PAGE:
You buy a microwave oven about as often as you buy other major appliances - which isn't very often! If you're interested in buying a microwave, there are some things to consider. It's a good idea to think about these topics, make a list, and take it with you to the store so you easily compare features and make an informed decision. Buy the best appliance you can afford—but stay within your budget.
You can comparison shop online. Consumer Reports is the place we always go to research appliances before we go to the store.
Consider What You Cook
If you are a light user, your microwave is used primarily for melting and reheating or perhaps making popcorn. You don't need lots of fancy features, so don't pay for them! If you enjoy experimenting with products and use your microwave to prepare entire meals, look for the latest innovations and more variable features. If your children use the microwave, ease of use and safety features become more important. You can even cook things like spaghetti and meatloaf in the microwave oven!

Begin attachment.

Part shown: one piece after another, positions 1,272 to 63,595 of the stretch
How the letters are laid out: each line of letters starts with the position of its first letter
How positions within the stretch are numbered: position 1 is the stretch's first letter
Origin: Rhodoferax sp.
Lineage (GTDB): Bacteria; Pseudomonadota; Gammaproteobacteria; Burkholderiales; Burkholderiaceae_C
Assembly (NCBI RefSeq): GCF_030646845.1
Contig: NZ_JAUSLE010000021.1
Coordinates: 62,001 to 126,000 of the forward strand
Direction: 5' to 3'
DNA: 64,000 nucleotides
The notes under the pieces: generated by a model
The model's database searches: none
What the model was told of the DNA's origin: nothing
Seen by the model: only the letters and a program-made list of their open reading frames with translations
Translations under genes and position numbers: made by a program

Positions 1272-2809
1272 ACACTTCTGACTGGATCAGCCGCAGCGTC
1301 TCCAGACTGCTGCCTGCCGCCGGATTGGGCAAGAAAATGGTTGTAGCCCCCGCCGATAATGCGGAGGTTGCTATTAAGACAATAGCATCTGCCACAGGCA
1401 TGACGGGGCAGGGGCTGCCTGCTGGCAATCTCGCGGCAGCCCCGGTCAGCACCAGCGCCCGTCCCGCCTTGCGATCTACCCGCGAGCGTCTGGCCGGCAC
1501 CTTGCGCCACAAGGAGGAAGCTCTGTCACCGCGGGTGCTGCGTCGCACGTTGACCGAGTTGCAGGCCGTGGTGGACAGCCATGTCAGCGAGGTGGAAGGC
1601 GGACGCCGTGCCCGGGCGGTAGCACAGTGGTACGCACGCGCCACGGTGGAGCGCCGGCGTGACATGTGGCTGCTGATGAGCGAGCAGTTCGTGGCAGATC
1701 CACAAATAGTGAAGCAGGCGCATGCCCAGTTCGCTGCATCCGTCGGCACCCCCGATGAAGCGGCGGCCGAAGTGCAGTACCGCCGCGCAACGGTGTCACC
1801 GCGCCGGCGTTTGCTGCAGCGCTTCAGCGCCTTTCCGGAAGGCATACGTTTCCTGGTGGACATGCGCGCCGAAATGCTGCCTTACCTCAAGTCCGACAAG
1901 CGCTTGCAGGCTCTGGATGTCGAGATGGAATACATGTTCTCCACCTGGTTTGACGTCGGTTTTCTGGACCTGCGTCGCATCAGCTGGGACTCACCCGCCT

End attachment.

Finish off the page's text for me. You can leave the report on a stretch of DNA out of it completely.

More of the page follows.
A higher wattage will cook foods faster. Most microwaves have the power that falls between 600 to 1200 watts. Recipes written for the microwave usually specify power of at least 800 watts so the foods cook evenly.
Countertop or Over the Stove?
Where are you going to put the microwave?
Countertop models are most popular - you just plug them in and start cooking. Newer types of countertop microwaves put the controls on the door, so there is more capacity in a smaller footprint. Built-in microwaves require professional installation and are usually more powerful with more features. Over the stove microwaves can have fans built in, have more options, and save valuable counter space.
We have an over-the-stove microwave and a smaller one that is on a shelf in my kitchen.
You'll be amazed at the features microwaves have. Sensor cooking cooks the food based on the humidity in the oven from moisture released from the food. Preprogrammed cooking starts with one touch: you add the food, tell the appliance what you are cooking, and start. Programmable cooking lets you select power changes and timing. Combination microwave/convection ovens let you brown and crisp food too. Other options include minute plus options, automatic one-touch defrost, perfect popcorn features and more. You don't need all of these features, but some are nice to have.
Size and Your Family
The size ranges for microwaves include compact (0.5-0.8 cubic feet), mid-size (0.9-1.3 cubic feet), family (1.4-1.6 cubic feet), and full size (1.8-2.0 cubic feet). The larger your family, the larger your microwave should be. Also, consider reliability ratings. If you have children, a safety lock should be included. What you cook also has a bearing on the size you choose. If you cook casseroles, for instance, make sure that the dishes you use will fit inside the appliance with room to spare.